Crown of Slaves
David Weber & Eric Flint
Baen, 2003 (2003)
Reviewed by Theresa Ichino
hese are dark days for the Star Kingdom of Manticore. It should not be so. The brutally long war with the People's Republic of Haven, if not over, is at a standstill. Haven's leaders, unlike the war-mongering government they replaced, have turned their attention to domestic concerns rather than actively pursuing war. Unfortunately, Manticore too has a new government, far less competent than that of prime minister Cromarty, who successfully guided the war effort for so long. But Cromarty is dead, assassinated; and his successors are self-serving, short-sighted aristocrats more interested in protecting their own privileges and wealth than in pursuing intelligent foreign policy. The new government is pulling back the navy to protect Manticore, endangering the gains made under Cromarty, and worse still, leaving their allies to fend for themselves, even actively insulting them.
urious, the Queen does what she can to retain ties with Erewhon, a planet that takes seriously ties of loyalty, now deeply offended by Manticore's new government. She sends her niece, accompanied by trusted protectors, on a diplomatic visit intended to assure Erewhon of the good will of the Queen at least. Once arrived, they find themselves in a veritable hotbed of diplomatic maneuvering, since Haven has also sent one of its most effective teams, Victor Cachat and Virginia Usher. The stakes rise when a group of fanatic Masadans decide to kidnap Princess Ruth. The Queen's niece is the daughter of the rebel Judith, who succeeded in fleeing the planet Masada. The misogynistic Masadans are determined to make an example of Ruth. Also adding to the chaos is the plight of a freighter-load of genetic slaves, caught up as hostages in the terrorist activities of the Masadans and themselves determined to escape their masters.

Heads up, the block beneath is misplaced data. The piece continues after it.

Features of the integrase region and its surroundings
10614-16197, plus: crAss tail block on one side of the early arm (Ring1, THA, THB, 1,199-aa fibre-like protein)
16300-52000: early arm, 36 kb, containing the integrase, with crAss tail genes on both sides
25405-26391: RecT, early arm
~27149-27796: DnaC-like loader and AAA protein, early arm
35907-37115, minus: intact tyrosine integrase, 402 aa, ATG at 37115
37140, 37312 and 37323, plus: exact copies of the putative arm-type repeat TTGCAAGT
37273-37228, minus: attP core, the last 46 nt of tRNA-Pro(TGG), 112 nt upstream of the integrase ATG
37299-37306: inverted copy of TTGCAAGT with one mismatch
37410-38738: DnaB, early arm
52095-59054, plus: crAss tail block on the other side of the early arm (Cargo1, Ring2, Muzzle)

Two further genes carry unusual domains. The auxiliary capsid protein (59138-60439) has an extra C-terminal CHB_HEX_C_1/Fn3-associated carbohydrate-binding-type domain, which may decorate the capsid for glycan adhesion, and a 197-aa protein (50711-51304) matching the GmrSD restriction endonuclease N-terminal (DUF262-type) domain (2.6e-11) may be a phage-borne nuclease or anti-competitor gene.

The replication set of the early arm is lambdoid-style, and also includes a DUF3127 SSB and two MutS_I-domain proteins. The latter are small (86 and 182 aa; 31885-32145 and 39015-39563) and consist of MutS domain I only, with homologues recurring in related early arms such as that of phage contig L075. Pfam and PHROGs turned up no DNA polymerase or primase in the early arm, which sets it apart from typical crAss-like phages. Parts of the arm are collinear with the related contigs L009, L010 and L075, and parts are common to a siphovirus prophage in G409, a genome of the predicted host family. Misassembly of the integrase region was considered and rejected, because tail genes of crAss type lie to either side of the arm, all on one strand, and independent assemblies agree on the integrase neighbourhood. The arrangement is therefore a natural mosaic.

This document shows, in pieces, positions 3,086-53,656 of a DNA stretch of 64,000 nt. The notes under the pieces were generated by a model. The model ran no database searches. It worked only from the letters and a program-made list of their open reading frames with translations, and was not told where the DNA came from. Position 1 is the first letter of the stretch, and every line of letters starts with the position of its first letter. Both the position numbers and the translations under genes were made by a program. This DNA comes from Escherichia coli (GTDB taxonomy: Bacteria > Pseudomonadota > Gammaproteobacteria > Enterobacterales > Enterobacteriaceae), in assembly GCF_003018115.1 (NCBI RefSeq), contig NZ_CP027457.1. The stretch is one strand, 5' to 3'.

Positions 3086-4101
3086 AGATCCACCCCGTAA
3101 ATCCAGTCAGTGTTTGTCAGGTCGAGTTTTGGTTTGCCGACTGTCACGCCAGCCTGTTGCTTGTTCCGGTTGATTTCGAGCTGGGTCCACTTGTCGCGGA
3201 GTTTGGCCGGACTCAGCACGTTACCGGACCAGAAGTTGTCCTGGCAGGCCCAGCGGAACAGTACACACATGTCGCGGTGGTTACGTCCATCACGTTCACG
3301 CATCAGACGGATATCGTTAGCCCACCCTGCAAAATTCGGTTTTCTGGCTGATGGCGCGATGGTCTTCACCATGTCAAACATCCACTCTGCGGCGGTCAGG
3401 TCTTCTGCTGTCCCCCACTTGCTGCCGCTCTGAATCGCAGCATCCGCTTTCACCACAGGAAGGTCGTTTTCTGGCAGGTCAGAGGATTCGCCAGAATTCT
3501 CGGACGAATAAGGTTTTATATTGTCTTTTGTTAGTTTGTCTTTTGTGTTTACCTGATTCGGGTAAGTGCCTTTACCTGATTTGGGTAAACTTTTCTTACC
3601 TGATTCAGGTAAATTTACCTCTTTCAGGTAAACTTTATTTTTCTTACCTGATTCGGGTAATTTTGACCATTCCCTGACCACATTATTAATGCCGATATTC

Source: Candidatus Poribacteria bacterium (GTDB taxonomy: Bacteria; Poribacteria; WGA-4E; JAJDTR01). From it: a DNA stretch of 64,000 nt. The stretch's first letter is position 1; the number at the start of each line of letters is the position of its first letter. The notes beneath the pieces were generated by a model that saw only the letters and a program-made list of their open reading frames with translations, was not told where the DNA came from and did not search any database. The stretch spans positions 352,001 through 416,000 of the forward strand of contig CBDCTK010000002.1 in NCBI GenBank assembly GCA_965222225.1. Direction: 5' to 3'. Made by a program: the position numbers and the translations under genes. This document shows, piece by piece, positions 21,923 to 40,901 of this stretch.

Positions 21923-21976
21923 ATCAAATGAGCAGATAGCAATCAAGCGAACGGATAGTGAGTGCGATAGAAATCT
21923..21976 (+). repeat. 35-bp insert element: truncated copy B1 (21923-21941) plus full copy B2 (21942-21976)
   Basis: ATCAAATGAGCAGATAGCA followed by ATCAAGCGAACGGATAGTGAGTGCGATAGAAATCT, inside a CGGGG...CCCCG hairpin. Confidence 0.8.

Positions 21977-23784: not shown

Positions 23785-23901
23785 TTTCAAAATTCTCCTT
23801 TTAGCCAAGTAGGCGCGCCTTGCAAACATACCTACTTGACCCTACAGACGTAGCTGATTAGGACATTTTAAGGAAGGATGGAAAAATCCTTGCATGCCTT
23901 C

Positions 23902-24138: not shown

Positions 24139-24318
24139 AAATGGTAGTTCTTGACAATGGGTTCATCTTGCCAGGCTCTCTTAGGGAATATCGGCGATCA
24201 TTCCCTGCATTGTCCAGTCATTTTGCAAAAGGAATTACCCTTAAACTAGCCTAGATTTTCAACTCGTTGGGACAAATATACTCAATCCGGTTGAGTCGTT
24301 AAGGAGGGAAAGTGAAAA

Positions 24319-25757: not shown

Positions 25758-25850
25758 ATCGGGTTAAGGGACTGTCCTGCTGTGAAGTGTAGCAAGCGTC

ans of Honor Harrington will recognize old friends in Victor and Virginia; Anton Zilwicki, redoubtable Manticoran agent; his daughter Berry, friend to Princess Ruth; and many others. Weber and Flint work seamlessly together to provide an action-packed tale rich in memorable characters and excitement. (There are also some hilarious scenes with Victor and his new love interest.)
Crown of Slaves
illuminates a hitherto little-known corner of the '
'. Interested readers might check out
Short Victorious War
Worlds of Honor #3 : Changer of Worlds
Worlds of Honor #4 : Service of the Sword
for previous adventures of Anton Zilwicki, Victor Cachat, and Judith. They also are well worth the read.
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